My 10th Kansas University football signing day included the best quote I have heard at one, and it was spoken Wednesday by first-year head coach David Beaty.
“We don’t care what anybody else thinks,” Beaty said. “We only care what we think.”
Why let somebody assigning stars next to names determine what players you’re going to coach for the next four or five years?
If Clint Bowen cared what anybody else thought about Darrell Stuckey, he wouldn’t have stood on the table and pleaded for the permission to offer him a scholarship. At that point, Emporia State was the next-best football program offering. Wyoming later offered. Utah and Kansas offered Aqib Talib; Tulsa and KU wanted Chris Harris. All three defensive backs not only played for 12-1 Orange Bowl champions, they played in last month’s Pro Bowl, the NFL’s all-star game.
St. Louis Cardinals ace Joaquin Andujar once said baseball could be summed up in one word, and the same one word that he used also applies to signing day: “Youneverknow.”
No, you don’t. Highlight videos only show the outside of a young athlete. And they only show what his body looks like as a teenager. It’s not until they arrive at school and begin to work at what Beaty accurately called “two jobs,” student and athlete, that recruits start to show how things might work out.
There was no way of knowing that James Holt would hit the weight room so hard and practice daily with such consistent focus that he would turn himself into an outstanding Big 12 defensive end/outside linebacker until he did it.
You find the athletes you think you can develop, push them hard, instruct them relentlessly and see which ones get better, which ones fade away.
Two players, one who has a chance to start immediately, another who has exciting raw gifts and so much to learn, made for interesting stories on signing day.
Dorance Armstrong, a 6-foot-4, 225-pound defensive end from North Shore High in Houston, has the potential to step in right away for Michael Reynods at defensive end. He had offers from California, Michigan State, Texas Tech and several others of that caliber or close to it.
“This is a guy who can probably get to 260 and still run,” Beaty beamed. “We’re really fired up about this guy. He was not an easy get.”
Defensive coordinator Bowen and defensive-line coach Calvin Thibodeaux made the home visit.
“Calvin’s eating all the spaghetti,” Bowen told a gathering of KU football fans Wednesday night at Abe and Jake’s. “The little brother doesn’t even get any because Calvin eats it all. Anyway, we’re sitting there, all of a sudden there’s a knock at the door. It was some people (two assistant coaches) from down the road, our old nemesis, Missouri.”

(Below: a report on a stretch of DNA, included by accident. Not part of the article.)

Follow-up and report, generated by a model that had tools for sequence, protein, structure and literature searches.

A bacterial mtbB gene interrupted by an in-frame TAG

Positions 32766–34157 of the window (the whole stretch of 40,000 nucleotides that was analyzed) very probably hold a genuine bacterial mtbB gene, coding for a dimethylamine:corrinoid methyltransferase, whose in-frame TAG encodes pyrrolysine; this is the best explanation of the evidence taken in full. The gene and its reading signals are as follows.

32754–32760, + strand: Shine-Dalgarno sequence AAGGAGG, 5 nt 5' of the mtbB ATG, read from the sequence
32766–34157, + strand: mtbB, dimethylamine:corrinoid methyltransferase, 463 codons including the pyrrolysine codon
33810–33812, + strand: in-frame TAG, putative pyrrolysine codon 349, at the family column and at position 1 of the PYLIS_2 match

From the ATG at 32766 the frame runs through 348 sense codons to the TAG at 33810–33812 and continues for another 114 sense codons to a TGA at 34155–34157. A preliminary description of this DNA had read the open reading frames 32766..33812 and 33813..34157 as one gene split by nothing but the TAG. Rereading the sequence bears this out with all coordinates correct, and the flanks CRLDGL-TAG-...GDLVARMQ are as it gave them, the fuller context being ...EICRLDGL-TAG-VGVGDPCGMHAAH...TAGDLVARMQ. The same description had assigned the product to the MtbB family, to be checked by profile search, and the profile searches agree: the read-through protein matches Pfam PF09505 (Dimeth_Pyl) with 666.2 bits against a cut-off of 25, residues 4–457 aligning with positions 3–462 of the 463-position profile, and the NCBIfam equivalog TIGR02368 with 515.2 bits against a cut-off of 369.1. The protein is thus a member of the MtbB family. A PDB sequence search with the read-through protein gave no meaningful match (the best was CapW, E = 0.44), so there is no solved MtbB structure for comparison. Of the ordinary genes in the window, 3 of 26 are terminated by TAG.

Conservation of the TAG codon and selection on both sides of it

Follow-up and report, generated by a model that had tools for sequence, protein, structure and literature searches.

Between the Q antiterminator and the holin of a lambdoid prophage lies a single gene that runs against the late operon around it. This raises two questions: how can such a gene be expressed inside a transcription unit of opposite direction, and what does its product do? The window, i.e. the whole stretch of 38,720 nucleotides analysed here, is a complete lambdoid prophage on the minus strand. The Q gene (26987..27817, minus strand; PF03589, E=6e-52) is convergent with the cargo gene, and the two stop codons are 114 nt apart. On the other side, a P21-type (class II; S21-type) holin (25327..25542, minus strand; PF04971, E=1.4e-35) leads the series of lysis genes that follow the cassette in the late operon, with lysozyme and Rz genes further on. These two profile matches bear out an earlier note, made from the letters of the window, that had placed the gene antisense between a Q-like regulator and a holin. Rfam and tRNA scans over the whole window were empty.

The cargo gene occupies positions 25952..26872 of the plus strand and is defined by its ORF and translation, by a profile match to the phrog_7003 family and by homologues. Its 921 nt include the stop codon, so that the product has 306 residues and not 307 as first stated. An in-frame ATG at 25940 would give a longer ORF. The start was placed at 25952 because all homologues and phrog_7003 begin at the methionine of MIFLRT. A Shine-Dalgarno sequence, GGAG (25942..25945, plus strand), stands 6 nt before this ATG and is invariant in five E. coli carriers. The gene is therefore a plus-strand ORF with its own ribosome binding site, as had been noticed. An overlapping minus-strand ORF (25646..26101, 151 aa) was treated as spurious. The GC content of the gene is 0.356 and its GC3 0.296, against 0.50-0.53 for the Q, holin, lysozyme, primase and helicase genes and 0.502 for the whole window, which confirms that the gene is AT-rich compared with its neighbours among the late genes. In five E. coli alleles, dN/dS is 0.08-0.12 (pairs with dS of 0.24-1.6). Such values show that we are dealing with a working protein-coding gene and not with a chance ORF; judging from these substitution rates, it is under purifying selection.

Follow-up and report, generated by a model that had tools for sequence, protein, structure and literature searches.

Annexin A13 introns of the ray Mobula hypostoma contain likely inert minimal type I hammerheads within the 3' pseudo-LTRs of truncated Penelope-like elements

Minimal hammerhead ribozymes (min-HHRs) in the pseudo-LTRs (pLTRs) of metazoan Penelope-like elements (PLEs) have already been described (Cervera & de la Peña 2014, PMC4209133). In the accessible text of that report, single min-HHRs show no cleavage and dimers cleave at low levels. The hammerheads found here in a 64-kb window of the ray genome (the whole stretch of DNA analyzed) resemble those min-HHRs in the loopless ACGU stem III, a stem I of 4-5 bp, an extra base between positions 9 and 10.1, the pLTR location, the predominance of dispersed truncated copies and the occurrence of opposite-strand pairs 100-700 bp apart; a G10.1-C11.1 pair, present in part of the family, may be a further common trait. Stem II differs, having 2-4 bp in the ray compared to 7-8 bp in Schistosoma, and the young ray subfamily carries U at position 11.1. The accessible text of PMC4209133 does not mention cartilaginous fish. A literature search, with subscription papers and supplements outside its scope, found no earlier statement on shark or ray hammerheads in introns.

Time to stall, take their time leaving, hog the family’s time and attention, leaving their competitors with less of both.
“Dorance’s mom, she’s a great lady, she was just about out because Calvin kept telling her all these boring stories,” Bowen said. “Finally, we leave. We get out to the parking lot, and I had to hold my man Calvin back. I thought we were going to have a little throw-down with these Missouri coaches, which would have been the highlight of recruiting. Calvin did a great job recruiting (Armstrong.)”
Beaty and Bowen lauded wide-receivers coach Klint Kubiak for finding safety Denzel Feaster.
“Klint Kubiak went through every little school in central Texas you could imagine, and he wound up at (Austin) Manor High School, and he found a guy who had been playing quarterback his entire career, except for his last five games,” Beaty said. “... Nobody else went in there, except for Klint. He went in there, and he opened the door, and he talked to the coach, and he called me and said, ‘Hey, I’ve got a guy I feel really strongly about.’ Klint’s kind of a young guy (27). That was his way of standing on the table. He sent me the video, and I took a look at it.”
Obviously, he liked it, and so did the defensive coaches.
“This guy, for a guy who hasn’t played the position, he’s got instincts,” Beaty said of Feaster, listed at 6-3, 195 pounds. “He’ll come downhill, and he will knock the fire out of you.”
College football is all about development, especially at a school such as Kansas.
“I’m excited about what the future looks like with Denzel Feaster,” Beaty said. “He was here last weekend, and the thing that I loved about him is when we offered him the scholarship, he shed a tear. He wants to be here.”
So does Beaty. How refreshing.